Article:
Geekly Update - 22 June 2016

Category: Tech-News

Can your landlord force you to “like” him on Facebook, or face eviction? How large should the fine be for a telemarketer found guilty of 117 million violations of FTC rules? Can artificial intelligence software create better songs and movies than humans? And what's that big red button for? Today's Geekly Update is jam-packed with the latest tech news. It's *guaranteed* to make you 146% smarter. Read, think and comment!

The AskBobRankin Geekly Update

“Like me or leave me,” says an addendum to the community rules of the City Park Apartments complex in Salt Lake City, UT. Tenants were furious that the landlord insists they "like" the complex’s Facebook page or move out. The new rules also prohibited tenants from posting negative reviews on any public forum. After public outcry, lawyers for the complex backed off, claiming that their rules were poorly worded.

Who's the real bully? Facebook and other social media giants should be held accountable for “bullying” and other problematic content posted by their users, says Gawker Media founder Nick Denton. He made the comment while defending his company’s recent loss of a privacy invasion lawsuit to famous wrestler, Hulk Hogan. It’s surprising - incredible, actually - to read that a major US-based online publisher is unaware of the difference between an online publisher, like Gawker, and an online platform for publishers, like Facebook. The law of the land is that the latter are not responsible for what’s posted by their users. But keep waving that red cape, Nick, while you scramble for the $140 million that Gawker now owes for an egregious violation of Hogan's privacy.

Uber and Lyft, the ride-sharing platforms that are always looking out for the best interests of the totally independent contractors who drive for them, has found a new way to supplement drivers’ incomes without paying them a dime: let them deliver groceries for WalMart as well as carry passengers.

Geekly Update 06-22-2016

A Utah jury slapped Forrest S. Baker III and his companies with 117 million violations of the FTC’s Telemarketing Sales Rules and the popular Do Not Call Registry federal statute. The potential fines add up to nearly $1.9 trillion. That’s still not enough, is it?

A Calgary high-school student named Zeel Patel has invented a $7 home test kit that can detect heart disease many times cheaper and faster than traditional lab tests. A paper imbued with various chemicals is immersed in a blood sample; color changes indicate the presence of disease antigens in just minutes, instead of days.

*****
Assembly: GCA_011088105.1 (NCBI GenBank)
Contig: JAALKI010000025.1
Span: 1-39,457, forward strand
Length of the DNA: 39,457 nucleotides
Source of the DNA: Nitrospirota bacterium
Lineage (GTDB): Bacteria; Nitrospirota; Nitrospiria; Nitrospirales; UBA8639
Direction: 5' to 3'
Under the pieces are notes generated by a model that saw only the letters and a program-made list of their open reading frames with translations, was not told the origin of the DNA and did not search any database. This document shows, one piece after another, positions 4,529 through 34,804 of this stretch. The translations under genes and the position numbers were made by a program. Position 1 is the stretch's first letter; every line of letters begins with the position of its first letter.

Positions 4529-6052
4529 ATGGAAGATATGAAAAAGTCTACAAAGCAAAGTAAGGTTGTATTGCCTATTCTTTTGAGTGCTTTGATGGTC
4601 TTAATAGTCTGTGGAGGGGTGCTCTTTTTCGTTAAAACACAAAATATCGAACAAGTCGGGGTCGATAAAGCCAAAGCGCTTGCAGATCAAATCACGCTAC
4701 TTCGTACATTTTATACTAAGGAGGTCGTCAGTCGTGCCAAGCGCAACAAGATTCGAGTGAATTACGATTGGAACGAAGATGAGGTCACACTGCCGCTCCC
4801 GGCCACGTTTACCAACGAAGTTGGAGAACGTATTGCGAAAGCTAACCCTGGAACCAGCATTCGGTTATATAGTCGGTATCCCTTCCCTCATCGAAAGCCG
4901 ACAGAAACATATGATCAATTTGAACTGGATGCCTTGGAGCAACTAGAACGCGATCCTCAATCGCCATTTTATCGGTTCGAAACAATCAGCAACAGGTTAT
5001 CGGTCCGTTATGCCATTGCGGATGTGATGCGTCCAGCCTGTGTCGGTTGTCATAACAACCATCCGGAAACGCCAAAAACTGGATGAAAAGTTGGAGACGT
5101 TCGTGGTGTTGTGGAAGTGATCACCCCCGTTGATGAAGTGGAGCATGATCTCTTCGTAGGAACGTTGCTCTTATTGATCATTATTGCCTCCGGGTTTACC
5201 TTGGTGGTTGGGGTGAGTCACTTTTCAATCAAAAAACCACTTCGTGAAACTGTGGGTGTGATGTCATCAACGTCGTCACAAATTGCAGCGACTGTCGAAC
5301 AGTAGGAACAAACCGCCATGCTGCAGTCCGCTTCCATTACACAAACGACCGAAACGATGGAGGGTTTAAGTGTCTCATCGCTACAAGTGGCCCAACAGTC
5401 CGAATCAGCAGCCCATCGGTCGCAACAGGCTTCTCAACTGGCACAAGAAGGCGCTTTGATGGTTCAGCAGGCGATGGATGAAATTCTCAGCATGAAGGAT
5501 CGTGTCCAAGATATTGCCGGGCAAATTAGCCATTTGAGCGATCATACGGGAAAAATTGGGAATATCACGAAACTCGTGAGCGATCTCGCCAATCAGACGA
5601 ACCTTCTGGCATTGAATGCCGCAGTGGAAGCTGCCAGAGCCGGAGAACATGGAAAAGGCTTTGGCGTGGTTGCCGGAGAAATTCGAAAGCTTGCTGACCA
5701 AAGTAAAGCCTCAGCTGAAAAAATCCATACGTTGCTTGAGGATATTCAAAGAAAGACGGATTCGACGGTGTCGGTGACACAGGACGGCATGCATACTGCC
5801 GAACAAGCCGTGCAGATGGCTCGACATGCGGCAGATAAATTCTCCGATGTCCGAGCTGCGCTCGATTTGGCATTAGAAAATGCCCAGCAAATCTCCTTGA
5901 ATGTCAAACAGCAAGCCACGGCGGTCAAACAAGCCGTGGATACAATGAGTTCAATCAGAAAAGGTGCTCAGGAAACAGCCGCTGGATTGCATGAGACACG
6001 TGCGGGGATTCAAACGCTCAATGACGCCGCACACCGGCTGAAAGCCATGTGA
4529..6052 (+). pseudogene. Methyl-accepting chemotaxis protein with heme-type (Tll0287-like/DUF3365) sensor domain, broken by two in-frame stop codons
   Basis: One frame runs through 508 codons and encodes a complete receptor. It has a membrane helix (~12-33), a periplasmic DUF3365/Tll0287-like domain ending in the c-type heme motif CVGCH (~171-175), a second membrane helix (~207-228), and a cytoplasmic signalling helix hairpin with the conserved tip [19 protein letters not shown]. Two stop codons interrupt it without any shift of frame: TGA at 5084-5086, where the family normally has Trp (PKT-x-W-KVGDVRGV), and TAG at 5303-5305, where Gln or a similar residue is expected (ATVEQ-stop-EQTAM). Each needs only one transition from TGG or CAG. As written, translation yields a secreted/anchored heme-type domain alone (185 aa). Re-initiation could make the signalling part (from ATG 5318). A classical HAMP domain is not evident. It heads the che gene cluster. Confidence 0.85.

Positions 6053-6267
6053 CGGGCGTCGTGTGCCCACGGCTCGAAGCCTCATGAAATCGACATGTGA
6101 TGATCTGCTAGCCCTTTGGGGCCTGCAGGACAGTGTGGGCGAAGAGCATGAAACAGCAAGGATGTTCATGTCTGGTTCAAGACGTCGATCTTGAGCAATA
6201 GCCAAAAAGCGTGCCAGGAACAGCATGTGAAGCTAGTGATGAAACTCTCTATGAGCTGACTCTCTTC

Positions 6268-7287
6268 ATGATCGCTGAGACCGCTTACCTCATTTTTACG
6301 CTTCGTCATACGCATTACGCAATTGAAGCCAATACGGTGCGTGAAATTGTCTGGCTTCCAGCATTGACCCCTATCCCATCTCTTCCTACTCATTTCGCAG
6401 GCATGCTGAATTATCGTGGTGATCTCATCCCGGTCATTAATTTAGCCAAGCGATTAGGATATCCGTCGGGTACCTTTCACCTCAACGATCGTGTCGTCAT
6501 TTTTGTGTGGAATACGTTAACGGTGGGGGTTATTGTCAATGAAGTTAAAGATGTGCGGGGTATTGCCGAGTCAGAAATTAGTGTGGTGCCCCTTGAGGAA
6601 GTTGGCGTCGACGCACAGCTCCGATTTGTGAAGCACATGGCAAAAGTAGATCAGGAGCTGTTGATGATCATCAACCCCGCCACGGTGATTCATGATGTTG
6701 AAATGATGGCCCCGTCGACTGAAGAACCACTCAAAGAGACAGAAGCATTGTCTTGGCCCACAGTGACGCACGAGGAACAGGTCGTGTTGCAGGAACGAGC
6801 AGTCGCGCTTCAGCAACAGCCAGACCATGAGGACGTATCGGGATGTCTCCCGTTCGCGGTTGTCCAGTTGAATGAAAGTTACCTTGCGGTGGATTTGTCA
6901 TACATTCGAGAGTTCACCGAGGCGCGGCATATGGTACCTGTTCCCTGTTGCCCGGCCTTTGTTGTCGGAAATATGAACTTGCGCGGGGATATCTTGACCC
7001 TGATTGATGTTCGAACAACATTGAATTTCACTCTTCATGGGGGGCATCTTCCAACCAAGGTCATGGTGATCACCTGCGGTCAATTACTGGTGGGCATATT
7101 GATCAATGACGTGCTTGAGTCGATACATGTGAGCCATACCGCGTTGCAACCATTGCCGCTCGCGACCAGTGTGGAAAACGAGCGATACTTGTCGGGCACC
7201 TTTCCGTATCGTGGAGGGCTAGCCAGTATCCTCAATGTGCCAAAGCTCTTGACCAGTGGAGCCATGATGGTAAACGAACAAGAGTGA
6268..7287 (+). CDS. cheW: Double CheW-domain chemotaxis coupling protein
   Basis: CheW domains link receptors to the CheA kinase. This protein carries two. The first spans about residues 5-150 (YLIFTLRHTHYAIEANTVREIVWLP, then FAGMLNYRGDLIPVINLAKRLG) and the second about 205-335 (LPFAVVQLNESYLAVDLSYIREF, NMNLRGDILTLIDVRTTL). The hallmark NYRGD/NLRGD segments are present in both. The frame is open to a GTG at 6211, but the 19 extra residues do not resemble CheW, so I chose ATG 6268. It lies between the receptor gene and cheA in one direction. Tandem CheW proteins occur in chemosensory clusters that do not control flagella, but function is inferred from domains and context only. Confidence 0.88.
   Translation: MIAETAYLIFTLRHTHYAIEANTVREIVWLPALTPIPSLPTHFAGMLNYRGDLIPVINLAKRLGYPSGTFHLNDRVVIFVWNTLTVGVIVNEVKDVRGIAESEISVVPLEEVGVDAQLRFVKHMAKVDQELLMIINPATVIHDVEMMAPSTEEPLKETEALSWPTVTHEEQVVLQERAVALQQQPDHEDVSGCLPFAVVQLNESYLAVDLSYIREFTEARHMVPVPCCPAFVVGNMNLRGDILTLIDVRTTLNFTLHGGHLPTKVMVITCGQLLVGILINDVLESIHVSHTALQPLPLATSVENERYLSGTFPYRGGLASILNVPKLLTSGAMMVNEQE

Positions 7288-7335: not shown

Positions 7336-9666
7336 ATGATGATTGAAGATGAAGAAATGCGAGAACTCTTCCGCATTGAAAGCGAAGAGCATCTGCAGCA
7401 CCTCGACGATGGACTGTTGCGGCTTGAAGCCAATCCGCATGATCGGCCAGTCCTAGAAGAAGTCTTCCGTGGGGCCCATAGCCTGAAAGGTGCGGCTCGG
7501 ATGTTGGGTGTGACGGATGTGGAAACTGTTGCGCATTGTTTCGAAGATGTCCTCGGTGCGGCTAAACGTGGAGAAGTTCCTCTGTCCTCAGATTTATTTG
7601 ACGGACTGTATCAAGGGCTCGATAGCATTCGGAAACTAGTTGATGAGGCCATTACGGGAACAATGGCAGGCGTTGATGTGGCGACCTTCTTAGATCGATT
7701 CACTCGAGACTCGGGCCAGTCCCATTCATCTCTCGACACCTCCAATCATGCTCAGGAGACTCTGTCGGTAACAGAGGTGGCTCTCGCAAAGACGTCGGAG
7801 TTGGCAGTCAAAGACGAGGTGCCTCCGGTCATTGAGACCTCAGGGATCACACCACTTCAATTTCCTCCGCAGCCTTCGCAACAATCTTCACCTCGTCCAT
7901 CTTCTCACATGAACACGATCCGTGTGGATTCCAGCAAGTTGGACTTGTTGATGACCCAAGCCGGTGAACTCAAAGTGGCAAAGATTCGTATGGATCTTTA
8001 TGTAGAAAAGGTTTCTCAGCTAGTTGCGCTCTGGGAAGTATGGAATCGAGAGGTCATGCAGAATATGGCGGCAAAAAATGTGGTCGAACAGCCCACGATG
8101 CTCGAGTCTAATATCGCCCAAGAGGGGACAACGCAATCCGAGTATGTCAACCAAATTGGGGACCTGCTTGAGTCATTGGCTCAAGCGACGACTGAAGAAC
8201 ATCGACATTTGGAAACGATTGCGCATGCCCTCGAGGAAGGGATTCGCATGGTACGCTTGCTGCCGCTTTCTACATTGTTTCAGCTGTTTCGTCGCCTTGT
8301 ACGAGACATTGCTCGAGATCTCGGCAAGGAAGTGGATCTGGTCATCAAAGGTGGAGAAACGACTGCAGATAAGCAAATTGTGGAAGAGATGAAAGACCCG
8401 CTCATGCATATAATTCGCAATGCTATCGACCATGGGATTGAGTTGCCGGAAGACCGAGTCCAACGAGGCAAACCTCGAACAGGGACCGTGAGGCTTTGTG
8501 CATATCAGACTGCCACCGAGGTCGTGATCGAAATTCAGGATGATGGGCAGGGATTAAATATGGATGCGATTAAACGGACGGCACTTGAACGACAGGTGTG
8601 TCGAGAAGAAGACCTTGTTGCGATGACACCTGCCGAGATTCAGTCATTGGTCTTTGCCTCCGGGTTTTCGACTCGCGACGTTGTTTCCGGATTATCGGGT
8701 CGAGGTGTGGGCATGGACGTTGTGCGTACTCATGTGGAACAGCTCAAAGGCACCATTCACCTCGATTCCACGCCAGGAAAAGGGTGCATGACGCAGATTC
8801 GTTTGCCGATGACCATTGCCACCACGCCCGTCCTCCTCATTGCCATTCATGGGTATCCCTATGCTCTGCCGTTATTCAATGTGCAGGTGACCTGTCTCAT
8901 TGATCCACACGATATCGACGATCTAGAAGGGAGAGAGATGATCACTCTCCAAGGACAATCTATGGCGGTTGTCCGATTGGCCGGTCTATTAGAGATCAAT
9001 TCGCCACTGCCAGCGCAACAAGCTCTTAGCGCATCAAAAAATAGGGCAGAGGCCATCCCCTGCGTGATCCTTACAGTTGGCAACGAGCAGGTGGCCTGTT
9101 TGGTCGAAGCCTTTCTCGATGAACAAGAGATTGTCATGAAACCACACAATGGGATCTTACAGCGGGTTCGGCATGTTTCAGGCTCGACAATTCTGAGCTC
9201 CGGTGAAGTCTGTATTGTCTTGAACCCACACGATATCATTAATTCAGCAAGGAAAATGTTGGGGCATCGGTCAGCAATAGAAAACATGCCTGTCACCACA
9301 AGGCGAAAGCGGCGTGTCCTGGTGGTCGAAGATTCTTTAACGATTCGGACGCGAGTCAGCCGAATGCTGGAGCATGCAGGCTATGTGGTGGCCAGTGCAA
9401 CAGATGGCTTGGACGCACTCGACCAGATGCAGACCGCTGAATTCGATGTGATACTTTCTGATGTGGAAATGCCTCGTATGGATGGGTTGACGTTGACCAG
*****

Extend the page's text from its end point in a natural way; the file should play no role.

Google researchers have created a “big red button” that can stop an artificial intelligence program in its track should it ever start misbehaving. HAL 9000 could have used one of those.

To really drive a co-worker insane, secretly install the “Squeaky Mouse” app on his/her computer. It plays custom WAV audio files when specified buttons are clicked. Designed as an aid for the visually impaired, it makes a great practical joke as well.

Programmable pills are possible thanks to a new discovery by scientists at the National University of Singapore. Their technique allows multiple medications to be 3D-printed in the form of a single pill. Each layer of medication can be given its own release profile, so one may be released all at once and others over periods of several hours.

Security researcher Justin Shafer alerted software developer Patterson Dental that confidential data about its patients was sitting on the company’s anonymous FTP server, the kind that anyone can access, the company “thanked” him with a criminal complaint alleging he exceeded “authorized access limits.” The resulting FBI raid is just the first installment of Shafer’s “reward.”

Your Tumblr account records may be among 65 million spotted for sale on underground online markets. If you have a Tumblr account, change your password, security questions, and any other data that can be changed to keep hackers out of your account. And of course, change your password on any other site where you used the same credentials.

The first ransomware that replicates and distributes itself to other systems it encounters online is making Microsoft and other security experts very, very nervous. Zcryptor may be the Zika virus of malware.

“Lyfe From Flyte” is a magnetically levitated planter that allows houseplants to hover in the air.

A surprising 93% of phishing emails are pushing ransomware now, powerful testimony to the dangerous effectiveness of the ransomware business model. Shields up, everyone!

Sunspring is a short movie written and created entirely by an artificial intelligence program. Ars Technica, which is hosting Sunspring and the documentary of its creation, describes the movie as “strangely moving.”

Not to be outdone, Google’s Magenta, a machine-learning project, has produced the first song written by an artificial intelligence program. Beginning with knowledge of just four musical notes, Magenta produced a 90-second melody that rivals Nickelback for variety and talent.

Genealogists researching Scottish ancestors will appreciate a new online database of Scottish family histories curated by the National Library of Scotland.

The Net Data Directory is a free, publicly available, searchable database of different sources of data about the Internet. A project of the Berkman Center for Internet & Society at Harvard University, this resource is intended for journalists, researchers, and anyone who wants to know how many cat pictures have passed through Facebook.